Andrea Hewitt to compete at Timaru Classic cycle race as she hones in on world triathlon series
Andrea Hewitt is eyeing another world triathlon series after winning the first two rounds, using Saturday's Timaru Classic as a training ground.
Hewitt will compete in the Calder Stewart cycling series' Timaru Classic, ahead of the third round of the world series in Yokohama, Japan, next month.
This will set up an intriguing battle between cycle series leader Kate McIIroy and also test Hewitt's cycle stamina against some of the country's best domestic cyclists.
McIIroy, who left the international triathlon circuit last year to focus on cycling, said she was looking forward to battling against one of the country's most successful female triathletes.
"It's pretty cool she's chosen to race in the series. I raced against and with her for five years and she's a strong cyclist, so will really add to the racing. She's the best [women's] triathlete in the world right now, so to have her lining up in a cycling event is great."
Hewitt said the race would help her improve her cycling stamina as her last cycle race was near her Christchurch base in Eyreton some time ago.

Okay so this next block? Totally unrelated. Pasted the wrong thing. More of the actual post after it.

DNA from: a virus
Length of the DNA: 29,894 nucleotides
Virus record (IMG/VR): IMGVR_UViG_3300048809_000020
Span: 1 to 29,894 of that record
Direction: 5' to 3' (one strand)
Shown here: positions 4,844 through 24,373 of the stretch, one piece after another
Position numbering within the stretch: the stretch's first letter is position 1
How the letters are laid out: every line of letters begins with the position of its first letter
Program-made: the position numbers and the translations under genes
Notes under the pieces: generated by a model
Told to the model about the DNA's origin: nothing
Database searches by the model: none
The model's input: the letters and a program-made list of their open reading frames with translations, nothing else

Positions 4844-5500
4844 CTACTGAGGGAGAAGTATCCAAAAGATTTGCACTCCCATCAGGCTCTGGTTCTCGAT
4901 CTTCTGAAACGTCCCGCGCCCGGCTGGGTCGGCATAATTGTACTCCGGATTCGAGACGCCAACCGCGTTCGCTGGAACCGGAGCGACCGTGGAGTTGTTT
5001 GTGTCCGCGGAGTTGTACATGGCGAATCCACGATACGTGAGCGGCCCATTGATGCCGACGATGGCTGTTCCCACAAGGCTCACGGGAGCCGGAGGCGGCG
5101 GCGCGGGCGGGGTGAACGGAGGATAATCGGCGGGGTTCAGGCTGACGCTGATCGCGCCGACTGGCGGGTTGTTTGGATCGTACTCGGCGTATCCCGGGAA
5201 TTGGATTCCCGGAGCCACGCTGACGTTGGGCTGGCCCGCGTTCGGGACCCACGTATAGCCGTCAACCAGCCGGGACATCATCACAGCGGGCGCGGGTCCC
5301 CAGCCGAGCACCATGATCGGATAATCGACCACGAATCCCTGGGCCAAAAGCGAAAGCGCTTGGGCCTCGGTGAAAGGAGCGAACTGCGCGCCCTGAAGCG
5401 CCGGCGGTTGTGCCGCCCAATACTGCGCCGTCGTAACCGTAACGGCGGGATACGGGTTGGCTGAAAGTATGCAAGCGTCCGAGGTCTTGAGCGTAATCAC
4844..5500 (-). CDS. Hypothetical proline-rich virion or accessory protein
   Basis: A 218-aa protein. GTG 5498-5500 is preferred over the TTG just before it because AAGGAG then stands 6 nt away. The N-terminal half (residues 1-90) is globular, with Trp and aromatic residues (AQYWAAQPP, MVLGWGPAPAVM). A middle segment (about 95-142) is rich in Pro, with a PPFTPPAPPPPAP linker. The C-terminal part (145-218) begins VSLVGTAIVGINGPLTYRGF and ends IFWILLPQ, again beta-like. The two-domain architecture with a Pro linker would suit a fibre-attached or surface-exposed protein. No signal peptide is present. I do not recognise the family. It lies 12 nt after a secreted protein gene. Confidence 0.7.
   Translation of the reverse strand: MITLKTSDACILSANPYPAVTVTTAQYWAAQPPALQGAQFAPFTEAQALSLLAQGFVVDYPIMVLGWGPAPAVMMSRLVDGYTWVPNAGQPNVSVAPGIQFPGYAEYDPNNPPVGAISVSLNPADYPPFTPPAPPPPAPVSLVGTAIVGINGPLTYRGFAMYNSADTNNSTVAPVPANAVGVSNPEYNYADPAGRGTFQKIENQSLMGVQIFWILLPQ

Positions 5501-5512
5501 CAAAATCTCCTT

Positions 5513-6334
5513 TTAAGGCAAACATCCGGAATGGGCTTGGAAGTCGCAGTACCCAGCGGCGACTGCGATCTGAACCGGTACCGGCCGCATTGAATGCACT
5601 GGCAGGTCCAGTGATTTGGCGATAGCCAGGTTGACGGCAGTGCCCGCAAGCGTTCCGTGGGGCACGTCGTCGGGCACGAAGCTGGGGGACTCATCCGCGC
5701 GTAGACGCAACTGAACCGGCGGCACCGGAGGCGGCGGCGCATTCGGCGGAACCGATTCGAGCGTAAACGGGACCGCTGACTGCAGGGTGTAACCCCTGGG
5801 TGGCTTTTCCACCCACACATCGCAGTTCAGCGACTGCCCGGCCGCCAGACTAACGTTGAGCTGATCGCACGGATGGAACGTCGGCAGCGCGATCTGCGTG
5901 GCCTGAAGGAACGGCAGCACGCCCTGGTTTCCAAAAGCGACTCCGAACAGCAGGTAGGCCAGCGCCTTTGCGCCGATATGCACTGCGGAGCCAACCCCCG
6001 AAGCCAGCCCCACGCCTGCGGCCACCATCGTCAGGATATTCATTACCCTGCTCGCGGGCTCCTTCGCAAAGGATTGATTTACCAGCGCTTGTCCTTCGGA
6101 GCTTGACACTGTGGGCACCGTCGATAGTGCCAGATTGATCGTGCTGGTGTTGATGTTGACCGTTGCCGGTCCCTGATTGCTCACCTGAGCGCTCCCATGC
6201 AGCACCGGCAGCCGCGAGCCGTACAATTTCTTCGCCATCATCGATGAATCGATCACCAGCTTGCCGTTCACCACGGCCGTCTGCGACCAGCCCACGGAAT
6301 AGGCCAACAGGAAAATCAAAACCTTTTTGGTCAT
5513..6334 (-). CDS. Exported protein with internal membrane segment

"I guess I feel like I have been neglecting my cycling to improve in other areas of the triathlon but this is an opportunity in between World Series races to give my cycling a test," she said.
"I have no immediate plans to do more cycle races but I'll see how this one goes. I want to help the team to their best result as well and I have some friends racing, so I thought it would be fun to race with them; but it's always more fun when things go well, so that's what I'm hoping for."
McIIroy, who represented New Zealand at the 2006 Commonwealth Games in the steeplechase before turning her attention to triathlon to gain 10th at the London Olympics, won her first race as an elite cyclist in the previous round near Dunedin to take the series lead.
Hewitt will race for the F.A.S.T Cycling Team, which has former cross country runner turned cyclist, Deborah Paine lying third, just three points behind Harvey and five from McIIroy.
Christchurch cycling coach Paul Odlin leads the elite's men's series after winning the second round featuring a tough 14km climb to the finish.